>> - how many thread are used in peak times is also something I need to know:
>> if it reaches 150, the max, how much further can I push it? Would
>> Http11NioProtocol help for this matter?
>> - How can I detect if it's the application that takes time to process
>> request or Tomcat that is at its max capacity? Number of threads and Heap
>> memory usages are probably two good indicators right?
>>
>> More generally avout Http11NioProtocol, can it be less efficient than the
>> std connector? Or is it suppose to be the next generation good-for-all
>> connector?
>>
>> We are going to update to Tomcat 6 +APR anyways. Is the APR good only for
>> static content? I thought it would help the thread management anyways.
>>
>> Thanks Brian for confirming memory usage! That's very good to know it's
>> possible to use that much memory!
>>
>> cheers
>>
>>
>> Brian Clark-10 wrote:
>>> Try using jconsole.exe (it is part of the Sun JDK) to review memory and
>>> thread usage of your JVM. That should help you narrow down where the
>>> issue
>>> is. One key thing to look at with Jconsole is the heap memory used
>>> figure.
>>> You are setting your -Xmx, but how much of it are you actually using?
>>> Heap
>>> memory used will tell you if you have a memory constraint or not. Also
>>> look at how often you have garbage collections. You'll have more of them
>>> if you have a memory constraint. One more thing, be sure your min and max
>>> memory configurations are the same. It's more efficient that way. 
>>>
>>> On 32-bit Windows, you should be able to use 1536MB as your -Xmx size.
>>> That is what we are able to use, at least using JDK 1.6.x. Upgrading to
>>> 64-bit Windows and a 64-bit JVM (and 64-bit Tomcat) will allow you to use
>>> as much RAM as you have available. We have a 64-bit Windows system with
>>> 18
>>> GB of RAM allocated to Tomcat/Java.
>>>
>>>
>>> Good luck,
>>> Brian
>>>
>>>
>>>
>>>
>>> ________________________________
>>> From: nodje <nodje.co@gmail.com>
>>> To: users@tomcat.apache.org
>>> Sent: Monday, December 29, 2008 2:57:14 AM
>>> Subject: Optimizing Tomcat with Http11NioProtocol?
>>>
>>>
>>> Hi,
>>>
>>> we are still using 5.5.12 in production and our users are facing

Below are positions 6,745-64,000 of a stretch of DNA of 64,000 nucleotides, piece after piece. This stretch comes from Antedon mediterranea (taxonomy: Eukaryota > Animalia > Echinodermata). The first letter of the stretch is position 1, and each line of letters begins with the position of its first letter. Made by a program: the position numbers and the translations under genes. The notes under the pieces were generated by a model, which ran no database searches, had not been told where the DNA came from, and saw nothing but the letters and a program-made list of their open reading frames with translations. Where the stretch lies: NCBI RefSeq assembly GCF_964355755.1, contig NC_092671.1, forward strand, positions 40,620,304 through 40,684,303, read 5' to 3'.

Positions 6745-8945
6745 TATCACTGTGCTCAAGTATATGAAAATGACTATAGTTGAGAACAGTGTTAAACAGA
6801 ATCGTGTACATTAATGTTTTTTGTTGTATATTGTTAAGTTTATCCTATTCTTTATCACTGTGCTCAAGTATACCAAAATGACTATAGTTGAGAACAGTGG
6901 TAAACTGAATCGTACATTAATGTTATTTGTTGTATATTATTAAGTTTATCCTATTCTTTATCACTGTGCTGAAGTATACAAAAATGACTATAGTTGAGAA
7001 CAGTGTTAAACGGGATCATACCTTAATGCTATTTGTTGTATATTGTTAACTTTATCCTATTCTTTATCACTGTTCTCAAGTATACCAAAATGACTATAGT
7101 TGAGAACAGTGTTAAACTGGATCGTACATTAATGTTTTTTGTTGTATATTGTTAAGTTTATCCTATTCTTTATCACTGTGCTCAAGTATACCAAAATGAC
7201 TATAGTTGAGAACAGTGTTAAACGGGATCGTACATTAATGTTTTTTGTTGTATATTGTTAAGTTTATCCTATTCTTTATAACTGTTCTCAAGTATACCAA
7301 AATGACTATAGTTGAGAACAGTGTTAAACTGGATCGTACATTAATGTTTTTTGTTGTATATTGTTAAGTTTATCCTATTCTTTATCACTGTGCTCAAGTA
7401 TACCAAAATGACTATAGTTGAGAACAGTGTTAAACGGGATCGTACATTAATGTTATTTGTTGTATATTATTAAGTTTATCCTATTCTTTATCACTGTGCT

>>> increasing
>>> delays with their requests (like way too long by now already).
>>> While we are not entirely sure about what's causing this (database vs
>>> Java
>>> application), we suppose it comes from the Java application (the database
>>> server never seems to be under stress).
>>> The CPU of the Tomcat machine doesn't seem too busy either.
>>>
>>> Providing it comes from the Java application side (by the way, any tips
>>> on
>>> how to precisely identify that is more than welcome), and providing that
>>> the
>>> problems come from too many requests, would Http11NioProtocol help Tomcat
>>> speed up the execution? 
>>> It seems worth trying Http11NioProtocol before going for clustering+load
>>> balancing. Any advice on the matter?
>>>
>>> Also we think that request that cannot b served in the reasonable time
>>> should be refused. Taking into account the described behaviour with the
>>> default maxThreads=150 and acceptCount =100 values, shouldn't we decrease
>>> the acceptCount?
>>> Moreover the CPU on the Tomcat machine doesn't seem too busy. Is it a
>>> sign
>>> that we can increase maxThreads?
>>>
>>> Tomcat is on a Windows 32bits machine, so even though the machine has 4Gb
>>> of
>>> RAM, the MAX -Xmx size  that we can be used seems to be around 1200Mb.
>>> Would
>>> a 64bits OS automatically allows for more memory usage?
>>>
>>> A lot of questions I know, but facing big problems like we are now, we
>>> want
>>> to try anything possible to quickly relieve the pain from using the
>>> application!
>>>
>>> thanks to anyone providing advice
>>> -nodje
>>> -- 
>>> View this message in context:
>>> http://www.nabble.com/Optimizing-Tomcat-with-Http11NioProtocol--tp21200419p21200419.html
>>> Sent from the Tomcat - User mailing list archive at Nabble.com.
>>>
>>>
>>> ---------------------------------------------------------------------
>>> To unsubscribe, e-mail: users-unsubscribe@tomcat.apache.org
>>> For additional commands, e-mail: users-help@tomcat.apache.org
>>>
>>>
>>>      
>>>
>> -- 
>> View this message in context:
>> http://www.nabble.com/Optimizing-Tomcat-with-Http11NioProtocol--tp21200419p21212597.html
>> Sent from the Tomcat - User mailing list archive at Nabble.com.
>>
>>
>> ---------------------------------------------------------------------
>> To unsubscribe, e-mail: users-unsubscribe@tomcat.apache.org
>> For additional commands, e-mail: users-help@tomcat.apache.org
>>
>>
>>      
>>
> 



---------------------------------------------------------------------
To unsubscribe, e-mail: users-unsubscribe@tomcat.apache.org
For additional commands, e-mail: users-help@tomcat.apache.org


      
Mime
  • Unnamed multipart/alternative (inline, None, 0 bytes)
View raw message